First of all, I hope everyone out there is safe and sound after the snowy wallop of the last couple of days. It's nothing hardy Wisconsinites can't handle, of course, but there are always unforeseen complications and problems when over a foot of snow gets dumped in such a short span of time. Secondly, I hope most of you got to enjoy a proper snow day yesterday!
But we've got politics to talk now, since Gov. Scott Walker didn't cancel his State of the State speech because of said blizzard.
As I was reading over the text of the speech I was struck by how much it reminded me of an essay written by someone who hadn't really done the research and was trying desperately to fill up the required space by repeating the same ideas over and over, just with somewhat different wording.
Walker spent a not insubstantial amount of time on the introduction and thanks, but then made sure to earn points by referencing the Packers going to the Super Bowl something like six times.
He spent the rest of the speech giving an overview of the very real problems facing our state -- the unemployment rate, the budget deficit, the struggle to create jobs and build a 21st century economy --but saying very little about how he actually plans to address all of that. And then there were a whole lot of platitudes about needing to pull ourselves up by our bootstraps and kick butt, etc., etc.
In fact, the only real specifics mentioned were his desire to make public employees contribute more toward their benefits, decrease taxes on and government regulation of business, and a reference to the tort reform law he succeeded in having passed last month.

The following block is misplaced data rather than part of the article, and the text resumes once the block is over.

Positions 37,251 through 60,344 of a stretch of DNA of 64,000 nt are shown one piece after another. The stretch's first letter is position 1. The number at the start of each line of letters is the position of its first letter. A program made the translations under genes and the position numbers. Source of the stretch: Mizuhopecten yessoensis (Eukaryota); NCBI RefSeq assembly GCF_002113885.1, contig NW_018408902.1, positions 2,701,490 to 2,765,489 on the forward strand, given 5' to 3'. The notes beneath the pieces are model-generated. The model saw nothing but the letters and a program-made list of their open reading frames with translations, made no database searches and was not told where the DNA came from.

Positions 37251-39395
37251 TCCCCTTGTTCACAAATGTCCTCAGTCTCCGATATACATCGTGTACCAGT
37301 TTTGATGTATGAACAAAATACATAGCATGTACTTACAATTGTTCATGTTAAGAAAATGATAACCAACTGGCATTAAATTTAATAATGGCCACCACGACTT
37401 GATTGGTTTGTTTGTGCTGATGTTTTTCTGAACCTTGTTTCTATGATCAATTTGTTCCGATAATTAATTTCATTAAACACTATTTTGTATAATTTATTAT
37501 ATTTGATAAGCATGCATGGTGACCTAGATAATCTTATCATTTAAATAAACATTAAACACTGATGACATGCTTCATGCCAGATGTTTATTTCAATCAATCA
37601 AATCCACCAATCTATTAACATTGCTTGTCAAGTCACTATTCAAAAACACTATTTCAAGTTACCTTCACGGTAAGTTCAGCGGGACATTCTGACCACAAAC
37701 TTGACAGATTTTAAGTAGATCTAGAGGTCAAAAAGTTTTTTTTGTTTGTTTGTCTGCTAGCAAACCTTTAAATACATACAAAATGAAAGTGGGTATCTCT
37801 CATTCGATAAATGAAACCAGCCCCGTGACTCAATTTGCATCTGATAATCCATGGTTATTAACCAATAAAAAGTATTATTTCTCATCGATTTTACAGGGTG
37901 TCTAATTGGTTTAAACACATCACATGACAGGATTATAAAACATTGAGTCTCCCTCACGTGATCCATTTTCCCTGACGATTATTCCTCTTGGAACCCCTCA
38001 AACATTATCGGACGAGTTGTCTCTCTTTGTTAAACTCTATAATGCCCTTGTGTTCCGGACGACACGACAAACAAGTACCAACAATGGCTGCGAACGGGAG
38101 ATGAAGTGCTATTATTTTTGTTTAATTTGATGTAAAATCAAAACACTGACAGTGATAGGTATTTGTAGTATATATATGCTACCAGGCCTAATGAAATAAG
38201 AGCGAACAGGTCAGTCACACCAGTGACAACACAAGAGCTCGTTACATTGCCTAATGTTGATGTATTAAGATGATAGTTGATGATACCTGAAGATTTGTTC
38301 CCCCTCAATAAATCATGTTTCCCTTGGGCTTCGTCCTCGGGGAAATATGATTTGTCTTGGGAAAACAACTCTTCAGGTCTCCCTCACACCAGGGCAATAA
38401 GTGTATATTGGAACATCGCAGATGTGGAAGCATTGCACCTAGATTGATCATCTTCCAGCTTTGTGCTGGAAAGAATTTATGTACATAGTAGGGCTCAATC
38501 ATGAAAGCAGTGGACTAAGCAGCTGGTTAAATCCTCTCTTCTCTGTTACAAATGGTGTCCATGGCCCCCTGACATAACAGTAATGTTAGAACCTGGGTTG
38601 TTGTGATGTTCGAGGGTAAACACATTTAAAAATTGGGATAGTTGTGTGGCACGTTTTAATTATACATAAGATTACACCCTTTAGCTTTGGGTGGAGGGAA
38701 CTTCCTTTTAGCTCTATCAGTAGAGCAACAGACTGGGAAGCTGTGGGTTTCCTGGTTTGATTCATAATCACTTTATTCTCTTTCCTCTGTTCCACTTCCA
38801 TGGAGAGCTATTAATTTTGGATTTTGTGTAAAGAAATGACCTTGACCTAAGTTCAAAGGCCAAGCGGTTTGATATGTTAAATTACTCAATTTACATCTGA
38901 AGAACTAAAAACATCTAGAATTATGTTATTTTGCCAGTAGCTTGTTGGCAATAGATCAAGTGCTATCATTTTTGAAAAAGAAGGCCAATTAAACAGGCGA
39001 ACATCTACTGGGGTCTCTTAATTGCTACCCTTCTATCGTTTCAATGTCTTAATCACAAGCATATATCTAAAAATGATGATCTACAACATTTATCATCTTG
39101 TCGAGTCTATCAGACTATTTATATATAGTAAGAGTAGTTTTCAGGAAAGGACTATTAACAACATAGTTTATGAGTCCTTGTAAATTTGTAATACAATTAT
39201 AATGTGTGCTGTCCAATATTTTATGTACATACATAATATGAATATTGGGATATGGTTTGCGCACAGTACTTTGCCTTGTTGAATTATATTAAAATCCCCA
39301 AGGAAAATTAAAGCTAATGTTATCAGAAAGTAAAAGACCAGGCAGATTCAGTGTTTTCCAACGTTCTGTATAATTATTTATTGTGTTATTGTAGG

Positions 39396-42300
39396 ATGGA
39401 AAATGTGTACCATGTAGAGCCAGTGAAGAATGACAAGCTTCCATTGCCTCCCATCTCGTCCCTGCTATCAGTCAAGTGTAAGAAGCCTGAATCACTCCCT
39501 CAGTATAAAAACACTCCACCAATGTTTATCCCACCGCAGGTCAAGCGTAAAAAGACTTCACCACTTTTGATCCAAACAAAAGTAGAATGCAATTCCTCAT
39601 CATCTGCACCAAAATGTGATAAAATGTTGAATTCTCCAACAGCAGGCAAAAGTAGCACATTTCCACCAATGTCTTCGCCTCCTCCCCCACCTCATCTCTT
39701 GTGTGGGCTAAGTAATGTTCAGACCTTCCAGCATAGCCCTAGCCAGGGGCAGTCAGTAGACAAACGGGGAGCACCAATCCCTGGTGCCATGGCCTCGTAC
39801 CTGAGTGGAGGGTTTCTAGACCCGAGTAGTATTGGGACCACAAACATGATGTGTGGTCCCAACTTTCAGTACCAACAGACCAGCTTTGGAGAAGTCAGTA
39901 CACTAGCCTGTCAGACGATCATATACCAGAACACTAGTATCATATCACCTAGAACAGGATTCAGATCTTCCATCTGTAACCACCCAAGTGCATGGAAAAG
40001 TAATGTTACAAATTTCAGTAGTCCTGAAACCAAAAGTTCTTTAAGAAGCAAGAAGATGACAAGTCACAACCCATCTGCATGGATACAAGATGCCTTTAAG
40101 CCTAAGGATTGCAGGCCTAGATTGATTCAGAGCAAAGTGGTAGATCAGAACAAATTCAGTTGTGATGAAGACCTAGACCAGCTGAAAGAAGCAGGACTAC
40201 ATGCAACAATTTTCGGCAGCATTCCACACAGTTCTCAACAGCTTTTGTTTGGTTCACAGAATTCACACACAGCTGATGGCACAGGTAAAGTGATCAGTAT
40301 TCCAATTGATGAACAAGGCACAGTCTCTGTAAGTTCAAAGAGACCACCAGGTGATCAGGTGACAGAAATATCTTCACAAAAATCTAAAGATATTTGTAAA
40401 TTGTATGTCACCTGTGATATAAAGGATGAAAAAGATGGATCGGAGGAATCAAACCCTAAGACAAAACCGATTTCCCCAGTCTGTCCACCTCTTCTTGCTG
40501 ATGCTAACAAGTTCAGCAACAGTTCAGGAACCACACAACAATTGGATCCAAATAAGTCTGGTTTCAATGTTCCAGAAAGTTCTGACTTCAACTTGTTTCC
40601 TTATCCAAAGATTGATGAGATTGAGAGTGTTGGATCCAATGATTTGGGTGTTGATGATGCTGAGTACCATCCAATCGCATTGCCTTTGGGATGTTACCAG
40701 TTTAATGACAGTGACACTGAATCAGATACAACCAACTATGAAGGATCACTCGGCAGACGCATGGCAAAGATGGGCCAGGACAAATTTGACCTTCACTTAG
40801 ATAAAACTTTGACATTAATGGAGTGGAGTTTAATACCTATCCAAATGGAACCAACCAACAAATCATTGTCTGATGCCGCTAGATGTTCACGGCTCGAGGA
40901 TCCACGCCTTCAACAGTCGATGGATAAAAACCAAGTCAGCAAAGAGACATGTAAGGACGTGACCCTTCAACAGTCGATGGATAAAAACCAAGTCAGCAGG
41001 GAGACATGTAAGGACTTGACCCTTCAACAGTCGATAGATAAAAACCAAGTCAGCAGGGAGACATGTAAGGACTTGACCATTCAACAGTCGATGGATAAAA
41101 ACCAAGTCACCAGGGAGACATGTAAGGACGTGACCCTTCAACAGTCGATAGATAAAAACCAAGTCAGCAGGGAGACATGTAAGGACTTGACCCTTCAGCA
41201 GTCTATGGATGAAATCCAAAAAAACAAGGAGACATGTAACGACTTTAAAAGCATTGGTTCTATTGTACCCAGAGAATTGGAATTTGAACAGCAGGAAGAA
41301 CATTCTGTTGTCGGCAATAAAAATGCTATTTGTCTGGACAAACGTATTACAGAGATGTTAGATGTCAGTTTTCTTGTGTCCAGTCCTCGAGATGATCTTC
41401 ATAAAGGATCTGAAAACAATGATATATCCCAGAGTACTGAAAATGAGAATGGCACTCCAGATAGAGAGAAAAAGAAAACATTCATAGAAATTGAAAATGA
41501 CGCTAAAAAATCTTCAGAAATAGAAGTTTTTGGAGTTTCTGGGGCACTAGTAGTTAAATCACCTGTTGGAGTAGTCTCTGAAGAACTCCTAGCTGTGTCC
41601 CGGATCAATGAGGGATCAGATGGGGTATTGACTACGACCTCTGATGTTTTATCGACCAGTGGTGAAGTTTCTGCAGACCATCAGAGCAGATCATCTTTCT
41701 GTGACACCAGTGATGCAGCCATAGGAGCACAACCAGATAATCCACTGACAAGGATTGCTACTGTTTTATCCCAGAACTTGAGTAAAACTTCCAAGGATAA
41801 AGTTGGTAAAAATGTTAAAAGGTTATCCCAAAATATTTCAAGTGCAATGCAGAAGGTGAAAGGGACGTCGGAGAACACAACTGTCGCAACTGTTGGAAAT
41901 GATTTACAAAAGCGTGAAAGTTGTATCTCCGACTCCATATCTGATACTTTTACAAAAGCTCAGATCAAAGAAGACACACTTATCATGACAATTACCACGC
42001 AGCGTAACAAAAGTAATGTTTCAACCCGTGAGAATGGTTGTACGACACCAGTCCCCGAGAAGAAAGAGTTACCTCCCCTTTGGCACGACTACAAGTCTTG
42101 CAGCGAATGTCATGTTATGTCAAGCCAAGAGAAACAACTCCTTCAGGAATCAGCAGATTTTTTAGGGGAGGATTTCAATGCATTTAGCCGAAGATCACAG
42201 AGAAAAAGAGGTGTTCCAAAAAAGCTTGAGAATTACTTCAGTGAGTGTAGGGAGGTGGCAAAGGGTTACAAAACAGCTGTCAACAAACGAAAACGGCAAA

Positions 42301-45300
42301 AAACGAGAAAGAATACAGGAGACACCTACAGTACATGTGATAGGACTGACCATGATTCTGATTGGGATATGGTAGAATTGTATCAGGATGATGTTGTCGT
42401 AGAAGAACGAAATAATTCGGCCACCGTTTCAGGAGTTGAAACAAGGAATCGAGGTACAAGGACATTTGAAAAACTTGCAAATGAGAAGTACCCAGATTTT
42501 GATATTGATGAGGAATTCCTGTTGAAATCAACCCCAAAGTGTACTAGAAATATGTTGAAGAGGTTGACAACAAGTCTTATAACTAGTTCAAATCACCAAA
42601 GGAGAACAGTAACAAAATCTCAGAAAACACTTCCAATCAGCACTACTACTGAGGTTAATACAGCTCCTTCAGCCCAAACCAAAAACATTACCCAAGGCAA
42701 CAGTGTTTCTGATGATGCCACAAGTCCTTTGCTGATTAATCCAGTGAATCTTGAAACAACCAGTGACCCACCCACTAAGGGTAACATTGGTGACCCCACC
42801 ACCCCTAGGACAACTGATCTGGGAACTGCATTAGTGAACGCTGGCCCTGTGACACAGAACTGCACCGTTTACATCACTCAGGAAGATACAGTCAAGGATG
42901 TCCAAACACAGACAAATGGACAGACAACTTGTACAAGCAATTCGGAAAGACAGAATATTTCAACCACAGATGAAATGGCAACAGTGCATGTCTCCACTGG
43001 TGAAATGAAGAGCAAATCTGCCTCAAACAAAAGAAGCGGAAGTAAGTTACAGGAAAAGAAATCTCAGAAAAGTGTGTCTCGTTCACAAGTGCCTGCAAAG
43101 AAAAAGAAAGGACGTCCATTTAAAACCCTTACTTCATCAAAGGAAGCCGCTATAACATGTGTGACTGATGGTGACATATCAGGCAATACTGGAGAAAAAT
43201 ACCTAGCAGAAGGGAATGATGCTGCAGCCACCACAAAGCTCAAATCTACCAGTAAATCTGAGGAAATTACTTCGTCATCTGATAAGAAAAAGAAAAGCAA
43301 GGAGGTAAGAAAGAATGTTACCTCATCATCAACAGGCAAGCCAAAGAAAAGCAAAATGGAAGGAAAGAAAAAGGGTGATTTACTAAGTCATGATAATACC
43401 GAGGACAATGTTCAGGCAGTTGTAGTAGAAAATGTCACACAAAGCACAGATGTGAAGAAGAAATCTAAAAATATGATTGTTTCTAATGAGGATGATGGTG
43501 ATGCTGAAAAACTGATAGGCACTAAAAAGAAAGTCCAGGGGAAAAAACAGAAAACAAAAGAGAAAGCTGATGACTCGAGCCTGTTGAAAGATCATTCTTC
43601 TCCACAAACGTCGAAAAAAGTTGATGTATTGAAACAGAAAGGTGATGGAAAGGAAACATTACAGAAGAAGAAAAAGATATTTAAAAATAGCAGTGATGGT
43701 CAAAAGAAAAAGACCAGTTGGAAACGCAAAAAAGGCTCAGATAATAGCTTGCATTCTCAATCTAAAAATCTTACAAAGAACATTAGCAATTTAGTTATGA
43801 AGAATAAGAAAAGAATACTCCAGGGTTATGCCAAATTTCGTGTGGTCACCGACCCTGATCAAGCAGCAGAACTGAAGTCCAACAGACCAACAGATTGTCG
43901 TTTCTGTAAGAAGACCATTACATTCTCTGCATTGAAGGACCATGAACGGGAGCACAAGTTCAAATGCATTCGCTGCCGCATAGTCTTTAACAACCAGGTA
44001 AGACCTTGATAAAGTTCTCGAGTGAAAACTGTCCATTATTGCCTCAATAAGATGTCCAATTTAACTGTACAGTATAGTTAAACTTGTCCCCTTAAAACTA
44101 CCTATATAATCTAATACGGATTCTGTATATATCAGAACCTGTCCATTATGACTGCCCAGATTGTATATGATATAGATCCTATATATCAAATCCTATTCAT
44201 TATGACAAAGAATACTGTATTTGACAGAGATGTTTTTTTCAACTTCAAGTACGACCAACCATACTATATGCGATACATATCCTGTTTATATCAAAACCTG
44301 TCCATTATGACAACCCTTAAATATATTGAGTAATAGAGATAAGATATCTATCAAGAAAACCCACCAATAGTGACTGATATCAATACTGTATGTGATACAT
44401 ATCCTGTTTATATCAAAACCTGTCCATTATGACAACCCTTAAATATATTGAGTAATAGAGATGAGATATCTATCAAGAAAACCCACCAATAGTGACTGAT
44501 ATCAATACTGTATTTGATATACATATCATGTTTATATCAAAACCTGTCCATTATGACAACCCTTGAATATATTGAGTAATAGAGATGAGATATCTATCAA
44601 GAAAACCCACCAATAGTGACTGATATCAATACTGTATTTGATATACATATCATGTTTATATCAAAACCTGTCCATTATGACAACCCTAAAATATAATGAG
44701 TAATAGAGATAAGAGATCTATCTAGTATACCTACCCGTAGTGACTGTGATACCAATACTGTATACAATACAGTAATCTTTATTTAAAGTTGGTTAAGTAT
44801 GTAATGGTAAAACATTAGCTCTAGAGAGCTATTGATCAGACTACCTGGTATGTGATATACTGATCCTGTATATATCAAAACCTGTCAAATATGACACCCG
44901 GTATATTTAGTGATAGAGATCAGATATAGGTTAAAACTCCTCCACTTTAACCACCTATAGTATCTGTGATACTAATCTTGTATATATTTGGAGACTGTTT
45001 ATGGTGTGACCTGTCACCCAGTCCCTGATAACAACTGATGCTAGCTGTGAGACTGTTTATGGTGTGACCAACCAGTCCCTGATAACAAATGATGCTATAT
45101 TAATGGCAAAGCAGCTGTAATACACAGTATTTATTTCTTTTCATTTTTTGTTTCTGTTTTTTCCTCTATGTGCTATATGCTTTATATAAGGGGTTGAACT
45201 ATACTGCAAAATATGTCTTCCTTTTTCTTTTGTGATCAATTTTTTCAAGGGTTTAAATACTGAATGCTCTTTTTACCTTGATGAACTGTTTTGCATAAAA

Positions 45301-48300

None of that will actually do much to help create jobs in Wisconsin, of course. Quite a lot of it will actually hurt residents, too.
Pretty much everybody else has had their say, but I'm going to start from the last item and work my way back anyway: Tort reform. Walker made this a big priority in the special session of the Legislation called as soon as he took office. He claimed, over and over, that "frivolous lawsuits" are the "one of the most important elements" listed by businesses/employers when "considering expanding and investing in the state."
In the speech, he claimed that "The litigation environment in a state is one of the key drivers for business and unfortunately we were once known as 'Alabama North' because of our poor lawsuit climate."
Thing is, Walker's dead wrong. Even the Milwaukee Journal Sentinel PolitiFact site (known for being generally more sympathetic toward right-leaning politicians) rated his claims flat-out false:
In trying to tie the lawsuit reforms to job creation, Walker asserted the issue is "one of the most important factors" when businesses are deciding to expand or invest in Wisconsin. That's a major overreach. He cited a series of national surveys, which show it's a concern but lack Wisconsin data and don't weigh how the concern stacks up against other issues. In the surveys of state businesses we found, lawsuit reform is on the radar screen -- but a blip behind taxes, regulation and other issues.
What's worse, the legislation has opened the door to serious abuse toward some of our most vulnerable citizens. As pointed out in this excellent op-ed by Lynn Breedlove, Kristina Finnel and Al Majkrzak, the law severely limits the ability of victims and families of elder abuse in care facilities to seek justice or hold abusers accountable:
This bill is broad and sweeping: It affects a range of settings and people, including children and adults with disabilities, veterans with brain injury, individuals with mental illness and the elderly. Because this bill removes the ability to use incident (factual) reports in court, the only facts available to a family may be the testimony of the abuse victim, who may be unable to share his or her experience. Because this bill removes the ability to charge a care provider criminally under certain circumstances, and denies even the district attorney from using all available information, a family will have a slim chance of a case, much less a favorable verdict. [Emphasis mine.]